Hotly-debated issues surrounding migration have once again been rekindled in Italy, as the number of arrivals rises. Meanwhile, Rome has asked for more solidarity within Europe as dialogue with Libya and Tunisia on migrant management heats up.
Boats arrive uninterruptedly from Tunisia as soon as the seas are calm, the hotspot on the island of Lampedusa is once again on the verge of collapse and the entire migration management system is under pressure in southern Italy. All these isues are being hotly debated in the corridors of power.
Now the Italian Interior Minister is involving outside actors too, calling the EU and meeting with or talking to her coutnerparts in Tunisia and Libya. Both north African countries are being buffeted by political, social and economic crises at the moment which is making the situation worse.
As is the case every summer, the issue of migration management has become a prime focus in Italy, which is trying once again to make itself heard at the EU level, asking for greater support. In agreement with the prime minister's office, Interior Minister Luciana Lamorgese on Wednesday, August 4, took action after the latest migrant boat landing from which 1,200 migrants were taken to the hotspot on Lampedusa, which only has a capacity of 250 people.
Transfers began during the day but concerns remain over the migrant reception system not being able to hold up under the pressure. Since the beginning of the year, 30,000 migrants have arrived in Italy.
Talks with Tunisia and Libya
Libya has never really regained stability since war broke out there in 2011. In recent weeks a political and economic crisis in Tunisia has worsened and contributed to an uptick in those leaving its shores in boats towards Europe.
In fact, over 7,300 of the 30,000 migrants that have arrived in Italy since the beginning of the year are from Tunisia. For this reason, Prime Minister Mario Draghi had a talk with Tunisian president Kais Said focusing on both the aid that Italy will continue to provide as well as the management of migration flows in general.
For her part, Interior Minister Lamorgese spoke to the EU Commissioner for Home Affairs Ylva Johansonn and then flew to Tripoli to meet with national unity government prime minister Abdulhamid Dabaiba and Interior Minister Khaled Mazen.
The interior minister said that these meetings had been planned for some time with the aim of taking stock of technical issues under discussion with Libya. On the issue of preventing unregulated migration and human trafficking, Italy confirmed its desire to develop an interior ministry project to be implemented in collaboration with the International Organization for Migration (IOM) on Libya's southern border.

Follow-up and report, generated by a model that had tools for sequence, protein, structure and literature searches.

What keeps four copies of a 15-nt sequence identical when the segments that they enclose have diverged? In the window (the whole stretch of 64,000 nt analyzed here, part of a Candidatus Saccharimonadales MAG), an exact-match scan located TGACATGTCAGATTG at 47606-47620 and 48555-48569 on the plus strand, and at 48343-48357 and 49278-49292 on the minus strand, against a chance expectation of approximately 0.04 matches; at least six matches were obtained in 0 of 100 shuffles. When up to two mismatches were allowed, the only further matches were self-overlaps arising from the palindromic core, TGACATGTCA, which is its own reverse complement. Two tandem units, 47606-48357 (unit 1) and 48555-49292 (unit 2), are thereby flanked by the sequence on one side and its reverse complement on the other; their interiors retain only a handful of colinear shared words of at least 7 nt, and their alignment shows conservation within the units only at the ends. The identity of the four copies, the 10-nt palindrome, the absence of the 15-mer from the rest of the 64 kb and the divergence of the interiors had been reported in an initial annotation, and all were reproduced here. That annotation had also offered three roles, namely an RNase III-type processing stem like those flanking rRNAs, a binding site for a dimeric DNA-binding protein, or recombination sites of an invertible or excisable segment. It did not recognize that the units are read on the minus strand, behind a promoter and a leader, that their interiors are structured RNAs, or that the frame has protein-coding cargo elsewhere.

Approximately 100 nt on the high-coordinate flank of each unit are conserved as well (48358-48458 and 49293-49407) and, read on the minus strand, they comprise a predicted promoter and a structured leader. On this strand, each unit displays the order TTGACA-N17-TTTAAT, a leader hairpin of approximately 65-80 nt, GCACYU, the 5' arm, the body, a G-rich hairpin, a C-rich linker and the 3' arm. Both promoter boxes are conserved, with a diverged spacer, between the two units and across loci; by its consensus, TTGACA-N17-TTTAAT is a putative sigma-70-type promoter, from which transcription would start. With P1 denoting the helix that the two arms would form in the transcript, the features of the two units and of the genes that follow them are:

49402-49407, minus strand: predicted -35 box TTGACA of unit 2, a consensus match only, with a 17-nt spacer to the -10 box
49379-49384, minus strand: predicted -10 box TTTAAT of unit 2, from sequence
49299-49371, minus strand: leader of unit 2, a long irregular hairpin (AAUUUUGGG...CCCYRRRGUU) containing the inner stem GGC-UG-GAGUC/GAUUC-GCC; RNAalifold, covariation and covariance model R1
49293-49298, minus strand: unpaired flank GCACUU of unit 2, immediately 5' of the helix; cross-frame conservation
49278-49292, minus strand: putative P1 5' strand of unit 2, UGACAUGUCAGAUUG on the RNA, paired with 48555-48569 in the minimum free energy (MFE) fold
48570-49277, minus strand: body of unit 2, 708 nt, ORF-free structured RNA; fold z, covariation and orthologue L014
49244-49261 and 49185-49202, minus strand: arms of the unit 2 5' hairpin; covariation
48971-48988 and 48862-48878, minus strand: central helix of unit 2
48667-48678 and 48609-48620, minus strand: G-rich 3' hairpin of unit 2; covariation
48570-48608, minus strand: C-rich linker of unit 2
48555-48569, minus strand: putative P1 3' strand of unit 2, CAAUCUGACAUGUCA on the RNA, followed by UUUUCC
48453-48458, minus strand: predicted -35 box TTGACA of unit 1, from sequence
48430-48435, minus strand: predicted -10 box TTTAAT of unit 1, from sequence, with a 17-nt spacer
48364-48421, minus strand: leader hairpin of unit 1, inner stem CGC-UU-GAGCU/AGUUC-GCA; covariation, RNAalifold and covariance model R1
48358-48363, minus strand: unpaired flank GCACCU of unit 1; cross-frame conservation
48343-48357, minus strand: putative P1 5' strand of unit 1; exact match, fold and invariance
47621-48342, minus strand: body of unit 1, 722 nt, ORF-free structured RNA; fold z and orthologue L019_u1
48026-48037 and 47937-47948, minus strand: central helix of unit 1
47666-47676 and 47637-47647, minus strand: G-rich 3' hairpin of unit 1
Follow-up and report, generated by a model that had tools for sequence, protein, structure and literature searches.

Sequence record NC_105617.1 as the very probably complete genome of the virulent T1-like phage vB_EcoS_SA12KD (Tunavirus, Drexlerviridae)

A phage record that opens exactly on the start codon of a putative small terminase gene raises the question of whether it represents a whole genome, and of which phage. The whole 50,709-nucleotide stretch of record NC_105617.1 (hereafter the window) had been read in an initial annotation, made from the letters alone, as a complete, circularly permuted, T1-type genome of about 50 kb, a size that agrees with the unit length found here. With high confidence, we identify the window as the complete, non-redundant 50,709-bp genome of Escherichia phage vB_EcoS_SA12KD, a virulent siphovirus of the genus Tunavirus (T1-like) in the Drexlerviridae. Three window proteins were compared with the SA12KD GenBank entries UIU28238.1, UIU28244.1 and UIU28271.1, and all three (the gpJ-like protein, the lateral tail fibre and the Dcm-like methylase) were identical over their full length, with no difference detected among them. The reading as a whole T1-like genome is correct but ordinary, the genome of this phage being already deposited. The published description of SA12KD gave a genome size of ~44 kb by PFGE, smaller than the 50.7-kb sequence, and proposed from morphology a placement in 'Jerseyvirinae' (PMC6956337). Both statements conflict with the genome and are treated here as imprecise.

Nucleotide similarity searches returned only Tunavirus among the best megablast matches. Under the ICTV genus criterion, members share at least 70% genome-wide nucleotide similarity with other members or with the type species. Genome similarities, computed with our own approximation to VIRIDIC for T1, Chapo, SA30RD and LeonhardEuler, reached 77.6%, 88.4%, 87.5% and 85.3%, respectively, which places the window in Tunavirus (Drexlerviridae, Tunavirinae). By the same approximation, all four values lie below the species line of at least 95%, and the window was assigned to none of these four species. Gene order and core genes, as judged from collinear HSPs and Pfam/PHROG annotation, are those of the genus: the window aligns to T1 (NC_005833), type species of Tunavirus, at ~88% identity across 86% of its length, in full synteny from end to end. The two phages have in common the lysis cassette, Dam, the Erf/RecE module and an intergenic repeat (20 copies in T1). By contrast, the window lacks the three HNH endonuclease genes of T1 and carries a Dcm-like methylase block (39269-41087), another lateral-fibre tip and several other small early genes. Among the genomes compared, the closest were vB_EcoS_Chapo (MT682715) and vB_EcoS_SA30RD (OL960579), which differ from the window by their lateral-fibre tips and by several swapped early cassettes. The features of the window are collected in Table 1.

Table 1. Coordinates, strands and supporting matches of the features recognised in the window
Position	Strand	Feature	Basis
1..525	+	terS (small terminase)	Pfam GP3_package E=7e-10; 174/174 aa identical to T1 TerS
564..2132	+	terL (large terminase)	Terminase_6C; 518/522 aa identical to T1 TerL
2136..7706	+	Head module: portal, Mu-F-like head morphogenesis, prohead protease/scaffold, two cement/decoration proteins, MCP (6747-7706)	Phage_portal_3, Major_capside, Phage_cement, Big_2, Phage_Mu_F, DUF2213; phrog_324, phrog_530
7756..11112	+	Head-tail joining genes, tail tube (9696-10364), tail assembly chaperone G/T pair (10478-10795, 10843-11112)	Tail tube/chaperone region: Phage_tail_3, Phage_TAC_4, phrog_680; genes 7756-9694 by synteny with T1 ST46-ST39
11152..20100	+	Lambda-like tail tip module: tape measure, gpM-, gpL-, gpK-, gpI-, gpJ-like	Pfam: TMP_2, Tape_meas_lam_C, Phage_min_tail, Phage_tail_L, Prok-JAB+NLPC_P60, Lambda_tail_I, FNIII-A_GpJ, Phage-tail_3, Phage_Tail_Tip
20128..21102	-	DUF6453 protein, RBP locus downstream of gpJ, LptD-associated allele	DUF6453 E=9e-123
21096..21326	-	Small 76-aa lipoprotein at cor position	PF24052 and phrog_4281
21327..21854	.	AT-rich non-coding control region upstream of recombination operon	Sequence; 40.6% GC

At the same time, Italy will step up its financial pledges to promote rural development with a view towards stabilizing the Fezzan region, which continues to see a large amount of migration. Libyan prime minister Abdel Hamid Dbeibah underscored the "need to activate the Italian role in the immigration question" and said he hoped for "serious collaboration between the two ministers."
Talks with Johansson
To Johansonn, Lamorgese instead asked that an urgent meeting of the Home Affairs Council be called to deal with an eternal sticking-point: that Italy and other countries along the external borders of the EU should not be left to deal alone with migration flows.
The issue is especially timely in light of the commitments the EU is making on issues related to other external borders, such as that of Belarus.
EU sources say that the meeting might be held in mid-August. It would be a chance to bring up once again the issue of mandatory migrant redistribution, which is important to Italy. However, it is a point on which there is no agreement, as shown by the statement from one of the spokespeople of the EU executive in which the mandatory nature of migrant redistribution becomes voluntary.
The Italian interior ministry is also asking for an "immediate signal" to strengthen how they interact with countries of origin and transit, potentially enabling swifter repatriation if a migrant is not found to qualify for asylum.
Italy also helps that the EU can intervene on the issue of the NGO search and rescue ships. Many of which are sailing under the flags of fellow EU states. Italy hopes that a mechanism might be activated which would make states lending their flags more responsible for ensuring a safe landing for those migrants rescued, compatible with measures taken to protect against the spread of COVID-19. To this end, Italy has appealed to those countries concerned to open up their ports too for disembarkation and not leave it for them alone to shoulder the burden.